Hundreds of scammers are posting fake flat listings online to catch out would-be renters.

Scams are being reported to authorities at an average of one a week - though one company reports catching hundreds of fraudsters creating headaches on their site.

Of the more than 6600 profiles on advertising a spare room or looking for a rental, 3.4 per cent are reported by fellow users as suspicious.

And Ministry of Consumer Affairs records show 70 reports of fraud caused by flatmate scams in the past 18 months.


Dylan Bland, spokesman for, said it was often overseas fraudsters who listed non-existent flats.

The company uses specialist software to flag profiles where the rent appears too low for the number of bedrooms or other features on offer and also identifies the IP address of the user.

"IP addresses help us to identify where a profile was created. Nearly all cases of fraud originate overseas,'' Mr Bland said.

"Unfortunately the IP address method is not foolproof as there are means available to people for masking their IP addresses.

"We have considered in the past only allowing New Zealanders to use the site, however a lot of our members are students based overseas looking to move to New Zealand, so this isn't really an option.''

Most flatmate scams are reported during periods of high demand, like at the beginning of university semesters.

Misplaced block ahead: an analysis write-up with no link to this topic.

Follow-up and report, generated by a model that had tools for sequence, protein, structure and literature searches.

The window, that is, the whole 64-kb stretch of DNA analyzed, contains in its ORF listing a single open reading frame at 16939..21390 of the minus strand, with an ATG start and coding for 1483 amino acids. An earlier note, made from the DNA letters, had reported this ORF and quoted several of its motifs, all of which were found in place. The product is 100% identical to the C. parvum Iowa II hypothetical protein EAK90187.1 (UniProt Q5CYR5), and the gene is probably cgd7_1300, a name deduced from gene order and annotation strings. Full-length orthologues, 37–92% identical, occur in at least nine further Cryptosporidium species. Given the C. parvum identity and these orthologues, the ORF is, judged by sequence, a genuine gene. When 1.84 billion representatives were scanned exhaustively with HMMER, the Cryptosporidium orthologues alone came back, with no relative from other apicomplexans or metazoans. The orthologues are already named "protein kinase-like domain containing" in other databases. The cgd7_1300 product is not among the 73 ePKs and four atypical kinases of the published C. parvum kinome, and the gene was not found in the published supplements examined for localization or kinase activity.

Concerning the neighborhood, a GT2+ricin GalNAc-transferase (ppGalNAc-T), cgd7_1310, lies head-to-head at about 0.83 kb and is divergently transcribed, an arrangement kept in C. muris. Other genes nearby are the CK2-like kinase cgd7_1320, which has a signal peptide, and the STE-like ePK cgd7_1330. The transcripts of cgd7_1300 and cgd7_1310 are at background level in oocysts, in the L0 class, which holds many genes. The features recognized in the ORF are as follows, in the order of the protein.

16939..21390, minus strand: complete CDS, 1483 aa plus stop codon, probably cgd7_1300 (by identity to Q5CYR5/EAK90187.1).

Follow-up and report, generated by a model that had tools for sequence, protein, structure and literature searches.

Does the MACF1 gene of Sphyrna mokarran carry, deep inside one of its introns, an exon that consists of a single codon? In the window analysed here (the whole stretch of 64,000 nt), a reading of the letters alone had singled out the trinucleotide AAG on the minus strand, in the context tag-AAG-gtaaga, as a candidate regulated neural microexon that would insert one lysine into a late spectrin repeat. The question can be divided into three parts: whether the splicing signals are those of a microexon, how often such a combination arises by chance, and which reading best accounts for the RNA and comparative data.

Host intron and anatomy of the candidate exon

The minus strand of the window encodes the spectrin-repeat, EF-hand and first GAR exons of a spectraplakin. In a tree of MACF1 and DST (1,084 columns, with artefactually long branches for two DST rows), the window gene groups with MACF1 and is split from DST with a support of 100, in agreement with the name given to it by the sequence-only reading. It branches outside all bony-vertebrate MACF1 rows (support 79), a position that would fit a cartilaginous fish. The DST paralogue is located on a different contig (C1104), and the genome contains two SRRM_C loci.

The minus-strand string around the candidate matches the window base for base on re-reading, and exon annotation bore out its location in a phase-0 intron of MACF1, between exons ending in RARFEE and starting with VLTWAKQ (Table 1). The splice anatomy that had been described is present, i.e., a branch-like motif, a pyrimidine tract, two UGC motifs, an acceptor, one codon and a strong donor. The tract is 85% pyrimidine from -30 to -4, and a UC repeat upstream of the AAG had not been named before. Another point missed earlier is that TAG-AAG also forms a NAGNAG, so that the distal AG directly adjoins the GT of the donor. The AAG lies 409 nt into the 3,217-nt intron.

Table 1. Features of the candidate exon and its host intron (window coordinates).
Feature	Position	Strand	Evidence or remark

"The scammer will have an excuse as to why you can't see the property in person ... and will request you pay money and bond upfront in order to secure the room,'' said a ministry spokesman.

"In the end the property photos were fake, the flat is not available to rent and your money is gone.''


Emails from advertisers who listed fake Auckland properties in May show the deceit used to procure money.

One poses as a reverend on "a crusade in Africa'' who promises to post the property keys and documents to the interested renter.

Another says he is on a "Christian missionary transfer'' and needs someone to move in immediately.

He offers one month free rent if two months is paid in advance.

"Thanks and god bless you,'' the dodgy advertiser signs off.

"The majority of our members use the site as intended but like elsewhere on the internet the site is unfortunately targeted by people ... looking to defraud people,'' Mr Bland said.

"It's a real shame.

"Reports (of suspicious profiles) are reviewed and the profile removed where appropriate. An email is then sent to people who added that profile to their shortlist advising them that the profile has been removed on suspicion of fraud.''

The ministry said renters should never pay money until they had viewed the property with the owner present.

A guide to spotting fraudulent profiles can be found at